15 does look pretty long, though it is useful! 10 might be a nice compromise, as you said. Better than 5!

    Time to go comment on at least 5 songs! Haha

    Thursday, May 20, 2010 at 8:06 am | Permalink
  13. AF wrote:

    I’ve got the comments RSS feed subscribed in Google Reader (as well as the new entries feed), so I can just click on the title of any new ones and see the full post too. It’s pretty handy, and was easier to deal with than trying to figure out whether I’d already read the ones on the front page or not.

    Thursday, May 20, 2010 at 11:36 pm | Permalink
  14. Ludicrosity wrote:

    I just realized this is in the grand playlist and I’m not entirely sure I agree with that. While it works very well for what it is, including it in the grand playlist as a random song in a playlist? I dunno, to me it seems too short to be considered THAT good.

    Thursday, June 10, 2010 at 8:35 pm | Permalink
  15. yim_yecker wrote:

    Maybe the grand playlist will have an order… this song will obviously precede My Brain is Working Overtime if this is the case.

    Thursday, June 10, 2010 at 9:24 pm | Permalink
  16. Lams wrote:

    how long can this grand playlist be anyway? infinite?

    Friday, June 11, 2010 at 2:09 am | Permalink
  17. yim_yecker wrote:

    No, because while the Weezer repertoire is very wide and practically countless, it is definitely finite. Within this finite number, there is an even smaller group of songs that fit the status of Grand Playlist. I guess it will approach 200 songs excluding any future work the band may summon.

    Friday, June 11, 2010 at 10:28 am | Permalink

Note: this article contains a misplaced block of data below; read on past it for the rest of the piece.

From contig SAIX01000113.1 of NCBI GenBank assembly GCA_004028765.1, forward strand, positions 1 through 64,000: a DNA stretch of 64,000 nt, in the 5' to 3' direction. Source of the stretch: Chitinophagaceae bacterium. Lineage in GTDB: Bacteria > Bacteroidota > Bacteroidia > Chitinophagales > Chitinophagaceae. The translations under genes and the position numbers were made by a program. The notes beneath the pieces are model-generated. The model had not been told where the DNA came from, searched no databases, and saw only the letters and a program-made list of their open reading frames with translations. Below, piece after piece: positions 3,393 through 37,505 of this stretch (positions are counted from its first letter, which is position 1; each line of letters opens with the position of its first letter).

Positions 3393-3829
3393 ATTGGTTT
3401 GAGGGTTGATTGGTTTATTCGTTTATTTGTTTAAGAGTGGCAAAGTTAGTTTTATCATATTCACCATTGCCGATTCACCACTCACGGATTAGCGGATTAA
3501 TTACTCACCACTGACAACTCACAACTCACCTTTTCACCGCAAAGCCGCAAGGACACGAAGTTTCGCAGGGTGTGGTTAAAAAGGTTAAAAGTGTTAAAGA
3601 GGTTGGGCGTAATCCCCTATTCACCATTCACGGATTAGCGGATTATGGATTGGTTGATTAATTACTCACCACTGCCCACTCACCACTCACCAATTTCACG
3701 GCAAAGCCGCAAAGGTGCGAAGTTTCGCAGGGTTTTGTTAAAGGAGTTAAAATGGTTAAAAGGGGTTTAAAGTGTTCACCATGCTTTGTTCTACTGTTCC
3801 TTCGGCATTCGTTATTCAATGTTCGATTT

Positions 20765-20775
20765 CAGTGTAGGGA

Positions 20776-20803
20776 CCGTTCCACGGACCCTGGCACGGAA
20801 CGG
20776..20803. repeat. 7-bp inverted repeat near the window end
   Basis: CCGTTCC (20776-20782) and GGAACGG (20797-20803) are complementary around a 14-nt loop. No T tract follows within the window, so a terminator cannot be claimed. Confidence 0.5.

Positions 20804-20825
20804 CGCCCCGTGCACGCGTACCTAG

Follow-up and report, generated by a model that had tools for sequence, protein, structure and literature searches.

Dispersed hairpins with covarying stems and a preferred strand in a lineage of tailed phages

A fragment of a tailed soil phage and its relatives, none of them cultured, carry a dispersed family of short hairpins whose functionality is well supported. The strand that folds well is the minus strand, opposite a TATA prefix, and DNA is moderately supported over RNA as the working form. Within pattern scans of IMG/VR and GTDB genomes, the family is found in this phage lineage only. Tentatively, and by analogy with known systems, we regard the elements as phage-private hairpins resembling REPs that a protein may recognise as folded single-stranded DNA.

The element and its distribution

18. Soyrev wrote:

    There’s no way I’m actually going to come up with an intelligible order for such a massive sequence of songs, but yeah — I value a solid segue, and this one works great for “My Brain Is Working Overtime.”

    This playlist can be as big as it needs to be, and I have no idea whether or not Yim’s ~200 prediction will ring true or not…But keep in mind, this is coming from a guy who has several playlists on the order of a thousand-plus songs. My relaxed summer playlist alone is approaching 3000 tunes.

    Friday, June 11, 2010 at 2:02 pm | Permalink
  19. Madcap wrote:

    Let me just say

    I cannot wait till you cover My Brain.

    Friday, June 11, 2010 at 2:52 pm | Permalink
  20. Ludicrosity wrote:

    Yeah I’ll have less of a problem with this if My Brain goes on the grand playlist at least since the two pieces work so well together… I will give you that for sure.

    Friday, June 11, 2010 at 5:41 pm | Permalink
  21. danup wrote:

    I can see this being on the Grand Playlist, but I can also see myself skipping it most of the time when said Grand Playlist was on shuffle.

    So as long as the playlist is hypothetical, I think it fits; once it becomes something that actually gets put on iPods it gets awkward.

    Saturday, June 12, 2010 at 11:09 am | Permalink
  22. waitingandwaiting wrote:

    It shouldn’t be on the Grand playlist, it’s a none musical interlude, it’s like declaring a rap skit a great song. If it was at the start of the recording it would be more acceptable, but it’s not even recorded together or with each other in mind.

    Saturday, June 12, 2010 at 2:42 pm | Permalink
  23. noobcakesmcgee wrote:

    Maybe I’ll edit this w/ My Brain together and make an mp3 so they won’t be split.

    Saturday, June 12, 2010 at 7:10 pm | Permalink
  24. Soyrev wrote:

    Rap skits can be great songs! “I Got To Tell You” and “General Hospital” are the best songs on Dr. Octagon’s first record, and that’s saying something!

    The Grand Playlist is a way of remembering everything worthwhile Weezer and Rivers have ever done: a way of salvaging the good (and great) from the pool of dreck that they have accumulated over the more recent years. It’s my seal of approval, as if to say, “There’s a whole lot of this stuff out there, and it’s not all worth your time, but anything on this list is.” And it might not be a traditional song by anyone’s measure, but “Harvard Blues” is a cool little sonic experiment that is definitely worth saving from oblivion. And yes, I would only recommend it as an intro to “My Brain Is Working Over Time” on purely musical terms, but even then it’s just simply a really neat little curio.

    Saturday, June 12, 2010 at 9:18 pm | Permalink